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Should You Wash Your Turkey Before Cooking It?

I’ve never heard of such a thing, but apparently there’s a school of thought that says you should be washing your turkey before sticking it in the oven on Thanksgiving Day.

I guess it’s kind of like those people that rinse their ground beef before cooking it. *Barf*

This got me thinking. Have I been doing it wrong?

Am I supposed to bathe my turkey before sticking it in the Turkey Bag and throwing it in the oven to cook?

Turns out, you should NOT be washing your turkey before you put it in to bake.

Here’s why health experts say you should not wash your turkey.

You might assume that washing your bird makes it healthier and cleaner to cook and eat.

This isn’t necessarily the case.

Washing raw turkey can spread germs to other food.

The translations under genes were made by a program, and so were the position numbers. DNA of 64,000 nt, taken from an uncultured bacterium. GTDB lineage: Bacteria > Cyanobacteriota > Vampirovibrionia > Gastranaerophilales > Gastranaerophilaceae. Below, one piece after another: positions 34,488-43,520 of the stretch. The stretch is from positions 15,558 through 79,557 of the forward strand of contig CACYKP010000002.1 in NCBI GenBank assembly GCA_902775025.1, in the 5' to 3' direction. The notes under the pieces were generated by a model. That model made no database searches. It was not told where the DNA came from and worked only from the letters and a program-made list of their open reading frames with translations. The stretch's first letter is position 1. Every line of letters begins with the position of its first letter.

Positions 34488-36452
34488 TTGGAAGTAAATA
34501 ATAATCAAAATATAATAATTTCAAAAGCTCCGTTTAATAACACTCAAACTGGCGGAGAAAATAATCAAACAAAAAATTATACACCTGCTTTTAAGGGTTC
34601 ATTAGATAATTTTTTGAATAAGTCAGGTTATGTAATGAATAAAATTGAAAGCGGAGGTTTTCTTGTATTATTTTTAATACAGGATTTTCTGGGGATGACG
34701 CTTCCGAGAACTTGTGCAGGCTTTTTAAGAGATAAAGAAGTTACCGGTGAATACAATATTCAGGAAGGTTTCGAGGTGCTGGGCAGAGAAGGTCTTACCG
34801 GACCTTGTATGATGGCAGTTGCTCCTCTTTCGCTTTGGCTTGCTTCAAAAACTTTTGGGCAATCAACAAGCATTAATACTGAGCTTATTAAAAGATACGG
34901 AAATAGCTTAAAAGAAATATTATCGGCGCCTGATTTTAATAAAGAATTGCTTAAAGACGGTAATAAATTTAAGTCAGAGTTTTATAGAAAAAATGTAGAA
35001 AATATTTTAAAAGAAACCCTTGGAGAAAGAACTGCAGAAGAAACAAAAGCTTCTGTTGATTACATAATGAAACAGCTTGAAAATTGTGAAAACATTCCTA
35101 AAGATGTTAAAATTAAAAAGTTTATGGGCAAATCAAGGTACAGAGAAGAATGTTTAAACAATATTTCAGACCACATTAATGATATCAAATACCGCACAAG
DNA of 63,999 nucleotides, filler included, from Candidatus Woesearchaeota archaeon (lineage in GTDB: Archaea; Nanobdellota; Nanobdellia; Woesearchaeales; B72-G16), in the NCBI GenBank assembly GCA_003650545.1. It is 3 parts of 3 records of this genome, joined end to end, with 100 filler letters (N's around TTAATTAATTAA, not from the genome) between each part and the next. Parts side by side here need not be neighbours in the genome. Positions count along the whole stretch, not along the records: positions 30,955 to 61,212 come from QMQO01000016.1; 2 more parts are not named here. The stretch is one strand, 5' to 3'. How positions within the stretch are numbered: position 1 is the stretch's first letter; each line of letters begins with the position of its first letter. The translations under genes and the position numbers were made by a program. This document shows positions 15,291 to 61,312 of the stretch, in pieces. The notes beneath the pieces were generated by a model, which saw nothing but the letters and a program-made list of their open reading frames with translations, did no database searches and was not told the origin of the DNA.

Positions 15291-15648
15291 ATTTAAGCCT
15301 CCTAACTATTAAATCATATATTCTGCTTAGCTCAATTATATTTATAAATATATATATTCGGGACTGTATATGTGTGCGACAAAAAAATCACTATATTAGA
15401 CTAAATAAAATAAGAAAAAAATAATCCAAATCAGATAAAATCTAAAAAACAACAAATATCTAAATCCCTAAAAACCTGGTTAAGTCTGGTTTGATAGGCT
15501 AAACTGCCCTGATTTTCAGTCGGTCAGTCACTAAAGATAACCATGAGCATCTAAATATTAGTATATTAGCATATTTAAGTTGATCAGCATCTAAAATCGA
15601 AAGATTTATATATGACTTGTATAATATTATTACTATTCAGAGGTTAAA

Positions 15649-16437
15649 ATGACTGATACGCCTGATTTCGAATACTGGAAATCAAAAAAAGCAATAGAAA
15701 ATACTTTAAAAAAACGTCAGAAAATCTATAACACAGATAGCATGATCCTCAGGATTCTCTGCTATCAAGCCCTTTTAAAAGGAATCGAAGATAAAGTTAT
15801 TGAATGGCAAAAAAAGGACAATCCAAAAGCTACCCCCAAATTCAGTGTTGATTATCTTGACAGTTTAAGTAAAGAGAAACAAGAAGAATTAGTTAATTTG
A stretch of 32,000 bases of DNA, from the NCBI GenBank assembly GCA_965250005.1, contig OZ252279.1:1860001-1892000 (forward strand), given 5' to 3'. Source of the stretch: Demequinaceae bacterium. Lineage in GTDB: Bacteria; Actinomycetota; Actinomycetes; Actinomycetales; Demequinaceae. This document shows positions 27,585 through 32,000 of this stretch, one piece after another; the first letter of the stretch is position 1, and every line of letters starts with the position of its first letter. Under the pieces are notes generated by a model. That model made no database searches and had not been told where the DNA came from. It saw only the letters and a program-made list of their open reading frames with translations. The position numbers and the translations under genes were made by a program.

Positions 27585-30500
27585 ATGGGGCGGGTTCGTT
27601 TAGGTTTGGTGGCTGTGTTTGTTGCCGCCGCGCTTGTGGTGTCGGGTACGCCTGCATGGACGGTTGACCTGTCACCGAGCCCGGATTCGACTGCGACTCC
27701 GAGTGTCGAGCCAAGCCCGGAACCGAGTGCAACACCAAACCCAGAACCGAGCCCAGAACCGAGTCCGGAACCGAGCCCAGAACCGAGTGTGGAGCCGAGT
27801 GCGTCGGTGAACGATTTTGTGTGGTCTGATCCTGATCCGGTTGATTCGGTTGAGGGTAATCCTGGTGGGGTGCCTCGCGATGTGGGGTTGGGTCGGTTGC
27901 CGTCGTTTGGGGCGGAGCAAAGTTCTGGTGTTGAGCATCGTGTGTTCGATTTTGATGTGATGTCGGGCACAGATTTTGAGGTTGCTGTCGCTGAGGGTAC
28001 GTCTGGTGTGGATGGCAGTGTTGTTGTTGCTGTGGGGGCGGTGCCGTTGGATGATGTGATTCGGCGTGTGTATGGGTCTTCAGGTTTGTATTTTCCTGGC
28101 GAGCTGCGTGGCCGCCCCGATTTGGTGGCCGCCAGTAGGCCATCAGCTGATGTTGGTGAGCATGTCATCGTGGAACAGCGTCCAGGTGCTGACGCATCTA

Centers For Disease Control and Prevention

Raw turkey — and all poultry, actually — can be covered in Salmonella, Clostridium perfringens, Campylobacter, and other germs, according to the CDC.

When you stick the bird in the sink, and run water over it, you are splashing and spreading those germs to your sink.

That, in turn, spreads the germs to anything that comes in contact with the sink.

Poultry juice can spread in the kitchen and contaminate other foods, utensils, and countertops.

Centers For Disease Control and Prevention

You should ALWAYS properly wash and sanitize anything that comes in contact with raw poultry. That includes sinks, utensils, countertops, and hands.

A USDA study found that 1 in 7 people who cleaned their sink after washing chicken still had germs in the sink.

Centers For Disease Control and Prevention

You want to make sure that, when cooking your turkey, you use a food thermometer to make sure your bird has reached a safe internal temperature of 165°F.

This will cook out the germs, and make it safe to consume. No washing needed!!

To learn more about how to properly cook your turkey check out the CDC website.